Can Putin Survive?
The Lessons of the Soviet Collapse
When most people think about U.S. foreign policy these days, they think first and sometimes only about aspects of the war on terrorism: the reconstruction of Iraq and Afghanistan, the troubles of the Middle East, and the terror cells lurking in Southeast Asia, Europe, and even the United States. This preoccupation is natural. International terrorism literally hit home on September 11, 2001, and, for understandable reasons, an outraged American public wants those responsible brought to justice. The American people also want to understand why the attacks happened—and demand a foreign policy that makes sure such events will never happen again.
It is also natural that the war on terrorism has become the United States' number one foreign policy priority. It will remain so for as long as necessary, because terrorism—potentially linked to the proliferation of weapons of mass destruction (WMD)—now represents the greatest threat to American lives. Defeating terrorism is a priority that drives not only military action to subdue individual terrorists and deter their state supporters but also multilateral cooperation in law enforcement and intelligence sharing. It encompasses efforts both to stigmatize terrorism as a political instrument and to reduce the underlying sources of terrorist motivation and recruitment.
But the breadth of U.S. strategy transcends the war on terrorism. Indeed, a strategy limited to dealing with immediate threats would in the end fail to defeat them—just as bailing water out of a boat would not fix a leak. The sharp focus on the front lines of the war against terrorism, however, has made it harder than usual for people to grasp what American strategy is really all about. We all know the old aphorism that you can lead a horse to water but you can't make it drink. These days, it seems that an administration can develop a sound foreign policy strategy, but it can't get people to acknowledge or understand it.
It is an unfailingly effective applause line for critics of any U.S. administration to charge that the president has no vision for the world, that he has no strategy. Every trouble is attributed to this failing, as though the world would otherwise be perfectly accommodating to U.S. purposes. Unfortunately, this criticism has come close to being true in some administrations. But it is not true in the present one. President George W. Bush does have a vision of a better world. And he also has a strategy for translating that vision into reality. I know—I was present at its creation.
The president's strategy was first laid out publicly in September 2002, in the National Security Strategy of the United States (NSS). A succinct document of fewer than 40 pages, the NSS defines U.S. policy priorities in eight substantive sections. Together, these parts add up to an integrated strategy that is broad and deep, far ranging and forward looking, attuned as much to opportunities for the United States as to the dangers it faces.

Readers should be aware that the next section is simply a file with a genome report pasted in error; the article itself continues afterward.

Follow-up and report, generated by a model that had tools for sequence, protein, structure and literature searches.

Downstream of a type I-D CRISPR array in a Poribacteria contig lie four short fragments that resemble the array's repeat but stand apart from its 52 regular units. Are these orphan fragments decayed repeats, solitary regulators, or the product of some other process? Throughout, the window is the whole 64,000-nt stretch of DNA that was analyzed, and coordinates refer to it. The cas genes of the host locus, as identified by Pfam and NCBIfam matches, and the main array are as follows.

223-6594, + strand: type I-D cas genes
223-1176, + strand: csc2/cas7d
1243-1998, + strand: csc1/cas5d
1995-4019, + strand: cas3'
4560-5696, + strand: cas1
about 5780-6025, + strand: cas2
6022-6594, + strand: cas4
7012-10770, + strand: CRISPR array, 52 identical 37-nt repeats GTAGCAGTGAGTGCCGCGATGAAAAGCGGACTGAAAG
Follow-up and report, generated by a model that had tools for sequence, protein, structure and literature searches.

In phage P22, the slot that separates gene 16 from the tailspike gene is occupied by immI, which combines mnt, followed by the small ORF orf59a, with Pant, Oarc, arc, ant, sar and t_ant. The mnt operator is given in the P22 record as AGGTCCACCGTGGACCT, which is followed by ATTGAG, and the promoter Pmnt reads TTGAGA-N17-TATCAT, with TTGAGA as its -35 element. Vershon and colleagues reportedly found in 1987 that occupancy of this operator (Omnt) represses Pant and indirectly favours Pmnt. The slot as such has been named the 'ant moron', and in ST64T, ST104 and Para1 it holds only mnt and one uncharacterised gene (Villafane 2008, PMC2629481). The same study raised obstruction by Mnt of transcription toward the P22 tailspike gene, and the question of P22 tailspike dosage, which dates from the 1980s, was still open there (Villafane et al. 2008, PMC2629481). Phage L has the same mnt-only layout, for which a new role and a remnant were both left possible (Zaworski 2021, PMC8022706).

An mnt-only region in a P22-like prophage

Of course, a public strategy document cannot be entirely frank about all the choices that U.S. leaders make; we do ourselves and our allies no favors by telling our adversaries everything that we think and plan. Nonetheless, this administration's public pronouncements have been remarkably candid. They reflect the personality of the president himself, a man who, with great consistency, says what he means and means what he says.
It is somewhat odd, therefore, to discover that our foreign policy strategy is so often misunderstood by both domestic and foreign observers. U.S. strategy is widely accused of being unilateralist by design. It isn't. It is often accused of being imbalanced in favor of military methods. It isn't. It is frequently described as being obsessed with terrorism and hence biased toward preemptive war on a global scale. It most certainly is not.
These distortions are partly explained by context. The NSS made the concept of preemption explicit in the heady aftermath of September 11, and it did so for obvious reasons. One reason was to reassure the American people that the government possessed common sense. As President Bush has said—and as any sensible person understands—if you recognize a clear and present threat that is undeterrable by the means you have at hand, then you must deal with it. You do not wait for it to strike; you do not allow future attacks to happen before you take action.